Google’s Chrome browser is evil!

Ok, I admit it, I used a sensational subject line. So what. Google is really the new evil, well we certainly could call it a entry on the top 5 list of fashionably evil companies of late. Will it be on top? We shall see. But I digress.

I’ve been using the Google Chrome browser for several months now. I find it far better then Safari, using less resources, fast, etc. Upon the first install, the beta version of course, I imagine I saw a link to or saw the text of the EULA or TOS flash by in a series of NEXT depresses. It is too bad, some interesting wording was in there, in a place most consumers have become accustomed to not reading at all, legalese, eh? Did you read it dearest reader? I thought so. So what are the interesting parts?

11. Software updates
11.1 The Software which you use may automatically download and install updates from time to time from Google. These updates are designed to improve, enhance and further develop the Services and may take the form of bug fixes, enhanced functions, new software modules and completely new versions. You agree to receive such updates (and permit Google to deliver these to you) as part of your use of the Services.
20.2 From time to time, Google Chrome may check with remote servers (hosted by Google or by third parties) for available updates to extensions, including but not limited to bug fixes or enhanced functionality. You agree that such updates will be automatically requested, downloaded, and installed without further notice to you.

Hmmm….I MUST agree to updates of Chrome, eh? In fact, there is no way to turn this off! On a MAC there are some possible ways around this But WTF? I can’t easily shut this off as a feature? Sure, forcing updates means ultimately a more secure product, but its my choice damn it! Take that away and you are evil, and I don’t mean in the Knievel way. Heck, even the ubiquitously evil Microsoft allows this, eh?

So, that aside, its a great browser and works a treat when debugging my Flash Platform based applications. Oh wait, except for one small caveat. Google decided to bundle Flash Player 10.1 with Chrome. Hey, that’s awesome! Google is helping to spread the Flash wealth, nice. What’s that Steve? Yeah, whatever.

Why would I complain about this? Google Chrome pushes Flash Player 10.1 Release. This is really pretty cool, as then Chrome updates can push out the new plugin in case of, ahem, security issues for one. As a Flash Platform developer, this pains me no end though! Why? Consider this: I work in Flash daily and constantly use the debug player to do that work. I’ve set Chrome as my default browser ( brownie points G? ) I kick off the debugger with Flash Builder and rock the code, yeehaw! A nice “forced upon me” Chrome update comes along with out any real notification that happens to update Flash Player and bammmm! I waste productive time watching Flash Builder spin endlessly trying to connect to a debug player. ugh!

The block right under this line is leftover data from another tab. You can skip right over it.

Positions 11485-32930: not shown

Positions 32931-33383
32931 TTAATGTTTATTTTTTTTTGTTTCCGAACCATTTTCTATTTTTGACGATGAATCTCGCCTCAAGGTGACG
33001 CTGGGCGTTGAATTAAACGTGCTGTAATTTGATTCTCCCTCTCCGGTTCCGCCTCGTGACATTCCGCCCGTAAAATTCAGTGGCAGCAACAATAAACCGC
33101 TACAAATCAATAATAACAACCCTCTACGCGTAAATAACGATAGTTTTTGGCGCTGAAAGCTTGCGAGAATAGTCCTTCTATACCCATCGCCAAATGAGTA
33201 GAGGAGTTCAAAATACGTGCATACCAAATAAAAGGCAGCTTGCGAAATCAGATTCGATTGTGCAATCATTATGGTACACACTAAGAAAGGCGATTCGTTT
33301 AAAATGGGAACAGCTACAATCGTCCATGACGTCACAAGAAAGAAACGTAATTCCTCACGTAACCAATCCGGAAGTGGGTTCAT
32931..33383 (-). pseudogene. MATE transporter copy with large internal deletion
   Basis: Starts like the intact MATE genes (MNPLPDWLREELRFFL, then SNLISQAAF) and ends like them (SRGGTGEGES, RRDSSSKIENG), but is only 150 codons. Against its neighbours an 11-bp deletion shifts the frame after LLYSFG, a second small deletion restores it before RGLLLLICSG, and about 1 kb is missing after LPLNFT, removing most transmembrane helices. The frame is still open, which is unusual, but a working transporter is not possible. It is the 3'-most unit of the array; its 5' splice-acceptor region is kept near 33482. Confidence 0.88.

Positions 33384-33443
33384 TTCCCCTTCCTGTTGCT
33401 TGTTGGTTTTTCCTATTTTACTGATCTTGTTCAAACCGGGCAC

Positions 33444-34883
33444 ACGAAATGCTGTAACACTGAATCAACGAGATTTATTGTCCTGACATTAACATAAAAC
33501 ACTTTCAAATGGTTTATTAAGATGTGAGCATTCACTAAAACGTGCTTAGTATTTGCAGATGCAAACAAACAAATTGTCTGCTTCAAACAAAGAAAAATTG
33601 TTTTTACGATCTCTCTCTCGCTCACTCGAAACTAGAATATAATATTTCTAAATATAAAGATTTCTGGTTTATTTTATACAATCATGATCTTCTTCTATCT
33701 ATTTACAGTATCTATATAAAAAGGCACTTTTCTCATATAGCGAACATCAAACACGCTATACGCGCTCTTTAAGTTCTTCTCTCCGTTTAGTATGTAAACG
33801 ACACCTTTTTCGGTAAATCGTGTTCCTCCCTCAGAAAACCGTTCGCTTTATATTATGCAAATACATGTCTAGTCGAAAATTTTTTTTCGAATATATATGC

With this setup Chrome literally points to using the packaged Flash Player installed with Chrome. There is no way to directly change things in Chrome to point to using a external Flash Player plugin version. So, that magical update of Chrome can cost me a hour of time when suddenly the Flash Player in use is now the one Google deems apropos release Flash Player 10.1. yikes! Just to be clear here, the setup now IGNORES your system installed Flash Player plugin.

So, what can a developer do? aha!! or beter maybe: SHAZZAM!!!! Form of a pail of settings…oh, sorry. Open Chrome and navigate to about:plugins There you will find a listing of plugins available to Chrome and links to enable/disable. Just disable the stock Flash Player, usually the first on the list, and enable the installed one likely the second entry. Here is a screen-shot of what I’m talking about.

GoogleChromePluginsSettings

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2 Responses to Google’s Chrome browser is evil!

  1. Josh Grauer says:

    Good tip! Will come in handy when my chrome install updates.

    BTW — don’t you hate how Chrome constantly asks about a Flash component taking too long to run while you’re debugging? Wish I could turn that “feature” off too…

  2. doug says:

    Yes, that stupid popup from Chrome during a debug session is a PITA too. Here’s to hoping someone cracks that nut and shares the meat!

    DK

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